|Administrative History||William Kelly was born in Aberdeen on the 22nd December 1861, to Francis Bonnyman Kelly, a tailor, and his wife Jane Tough. After schooling at William Rattray's school, Kelly studied maths and natural philosophy at King's College (1876 - 1878). He was articled to the local firm of William and John Smith and when his period of articles was finished in 1883, he moved to London. His career in London is relatively undocumented; in 1886, he returned to Aberdeen, setting up an independent practice on Belmont Street. A year later, he entered into partnership with William Smith but this partnership was dissolved in the early 1890s and in 1893, he married Mary Carmichael, thus becoming the brother-in-law of Aberdeen architects Charles and Duncan Carmichael. Kelly won a prestigious commission to be the architect of Aberdeen Savings Bank on Union Terrace in 1896. He was elected ARSA in 1911 and was awarded the LLD by Aberdeen University in 1919, in recognition of his work at King's College Chapel. He also held the newly created post of Aberdeen Corporation Director of Housing from 1918-1923. One of his most popular architectural works was his design of the leopards on Union Bridge, known as 'Kelly's Cats'. After his retirement in 1928, he maintained a consultancy role for landed clients and pursued his lifelong antiquarian interests by assisting with the publications of his historian friend, Dr W Douglas Simpson. He died on the 10th March 1944.|
See - Dr W Douglas Simpson, 'A tribute offered by the University of Aberdeen to the memory of William Kelly, LL.D, A.R.S.A' (Aberdeen University Press: 1949).
Charles Carmichael (1864 - 1890), the son of George and Mary Carmichael, was educated at Aberdeen Grammar School. Carmichael worked for both 'John Russell Mackenzie and Duncan McMillan' and 'Matthew and Mackenzie'. He is known to have toured Belgium in the spring of 1886 and Italy in 1888. During the 1880's Carmichael immigrated to Johannesburg, South Africa. In South Africa, Carmichael formed a partnership with two engineers - Charles Murray and William M Philip. In 1893 Charles Carmichael's sister Mary, was married to the Aberdeen architect William Kelly.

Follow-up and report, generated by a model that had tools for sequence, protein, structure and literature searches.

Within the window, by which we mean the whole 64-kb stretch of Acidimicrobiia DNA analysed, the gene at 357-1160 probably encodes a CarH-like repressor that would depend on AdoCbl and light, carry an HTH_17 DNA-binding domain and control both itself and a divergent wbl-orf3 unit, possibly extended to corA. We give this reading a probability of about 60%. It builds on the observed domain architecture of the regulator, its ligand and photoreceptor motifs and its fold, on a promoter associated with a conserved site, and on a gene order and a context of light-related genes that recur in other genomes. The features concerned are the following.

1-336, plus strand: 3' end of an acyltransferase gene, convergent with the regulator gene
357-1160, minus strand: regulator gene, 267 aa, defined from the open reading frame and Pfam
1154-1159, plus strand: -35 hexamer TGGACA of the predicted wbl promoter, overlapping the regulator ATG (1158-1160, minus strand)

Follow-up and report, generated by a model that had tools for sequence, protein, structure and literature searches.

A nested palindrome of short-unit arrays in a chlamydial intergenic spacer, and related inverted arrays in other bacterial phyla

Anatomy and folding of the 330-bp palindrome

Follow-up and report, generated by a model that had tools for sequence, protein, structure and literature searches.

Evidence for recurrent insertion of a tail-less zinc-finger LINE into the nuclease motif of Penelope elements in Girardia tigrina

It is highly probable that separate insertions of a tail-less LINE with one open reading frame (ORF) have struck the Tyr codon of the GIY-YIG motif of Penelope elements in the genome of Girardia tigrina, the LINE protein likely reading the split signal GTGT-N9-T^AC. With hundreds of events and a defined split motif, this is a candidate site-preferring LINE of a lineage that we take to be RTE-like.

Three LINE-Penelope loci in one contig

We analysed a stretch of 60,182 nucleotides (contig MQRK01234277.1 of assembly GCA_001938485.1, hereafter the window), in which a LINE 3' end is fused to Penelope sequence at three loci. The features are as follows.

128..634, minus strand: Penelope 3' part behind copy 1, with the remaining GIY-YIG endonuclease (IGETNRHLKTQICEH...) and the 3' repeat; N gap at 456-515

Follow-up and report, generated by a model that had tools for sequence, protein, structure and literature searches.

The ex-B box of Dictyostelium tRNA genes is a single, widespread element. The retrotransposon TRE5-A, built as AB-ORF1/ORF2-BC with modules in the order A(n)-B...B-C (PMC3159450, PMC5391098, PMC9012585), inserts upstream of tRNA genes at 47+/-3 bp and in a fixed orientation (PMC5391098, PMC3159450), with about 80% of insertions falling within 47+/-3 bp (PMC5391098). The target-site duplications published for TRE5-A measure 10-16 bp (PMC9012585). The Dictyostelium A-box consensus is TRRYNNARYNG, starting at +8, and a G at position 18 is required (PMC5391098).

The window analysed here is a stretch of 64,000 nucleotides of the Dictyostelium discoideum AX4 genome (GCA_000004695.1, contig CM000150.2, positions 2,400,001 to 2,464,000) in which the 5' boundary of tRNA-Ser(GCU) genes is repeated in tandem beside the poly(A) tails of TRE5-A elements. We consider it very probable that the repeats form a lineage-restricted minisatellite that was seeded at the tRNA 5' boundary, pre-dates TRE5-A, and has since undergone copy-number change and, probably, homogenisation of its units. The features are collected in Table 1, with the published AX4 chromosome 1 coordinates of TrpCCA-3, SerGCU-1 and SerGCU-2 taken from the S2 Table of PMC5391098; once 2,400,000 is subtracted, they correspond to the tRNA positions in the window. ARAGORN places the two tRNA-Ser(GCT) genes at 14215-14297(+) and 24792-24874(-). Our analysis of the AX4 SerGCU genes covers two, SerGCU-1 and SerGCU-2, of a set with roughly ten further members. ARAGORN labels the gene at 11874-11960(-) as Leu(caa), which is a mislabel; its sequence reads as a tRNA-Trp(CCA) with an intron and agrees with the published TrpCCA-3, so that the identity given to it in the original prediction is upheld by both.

John Smith (1781 - 1852) was the son of an Aberdeen architect and builder called William Smith. Smith underwent training in London and returned to Aberdeen in 1804. John Smith's first major commission in Aberdeen was for Patrick Milne of Crimonmogate to build a large house on Union Street. Smith succeeded Thomas Fletcher as engineer to the King Street, Union Street and Union Terrace works. In 1860, he completed what is attributed to be the first accurate plan of Aberdeen. Smith was associated with Thomas Telford during the planned harbour improvements in 1824 and it was during this year that he was officially appointed superintendent of work for the City of Aberdeen. John Smith's son, William Smith (1817 - 1891) became partner in his father's practice is 1845.
William Smith (1817 - 1891), son of John Smith and Margaret Grant, was educated at Aberdeen Grammar School before studying at Marischal College where he gained an MA. Smith spent eighteen months in London as assistant to Thomas Leverton Donaldson. He was admitted as an associate of the Royal Institute of British Architects in 1842. After returning to Aberdeen, he toured Italy and Greece for almost two years. On his return he became his father's senior assistant finally becoming partner in 1845. Smith's first major commission was Trinity Hall, Union Street, Aberdeen in 1846. In 1848, J & W smith were commissioned by the Prince Consort to reconstruct and enlarge Old Balmoral Castle. When John Smith died, William joined his practice with former pupil William Kelly, the practice was renamed W & J Smith & Kelly.
|Description||This collection comprises sketchbooks, photographs, correspondence and a single set of lecture notes. The sketchbooks cover locations including Britain and tours of Europe undertaken by the architects. The majority of the subject matter relates to architecture and includes sketches of buildings, decorative motifs, technical drawings which include measurements, architectural details such as pediments and capitals. In addition, the sketchbooks include landscapes and portraiture. William Kelly appears to have re-used a number of the sketchbooks, which originally belonged to Charles Carmichael, John Smith and William Smith. This reworking of earlier material makes attribution of certain sketchbooks unclear. The series of photographs, maintained in their original arrangement, which is presumed to be of Kelly's own organisation. The photographs appear to be Kelly's research photographs of buildings throughout the UK. The arrangement is mainly by building location; however, there is a small volume, which is arranged by type such as leadwork. The authorship of the photographs is not always clear, but the collection includes a large volume of George Washington Wilson and Co. images. The small amount of correspondence relates to Kinnairdy Castle, the main correspondent of which is Sir Thomas Innes. |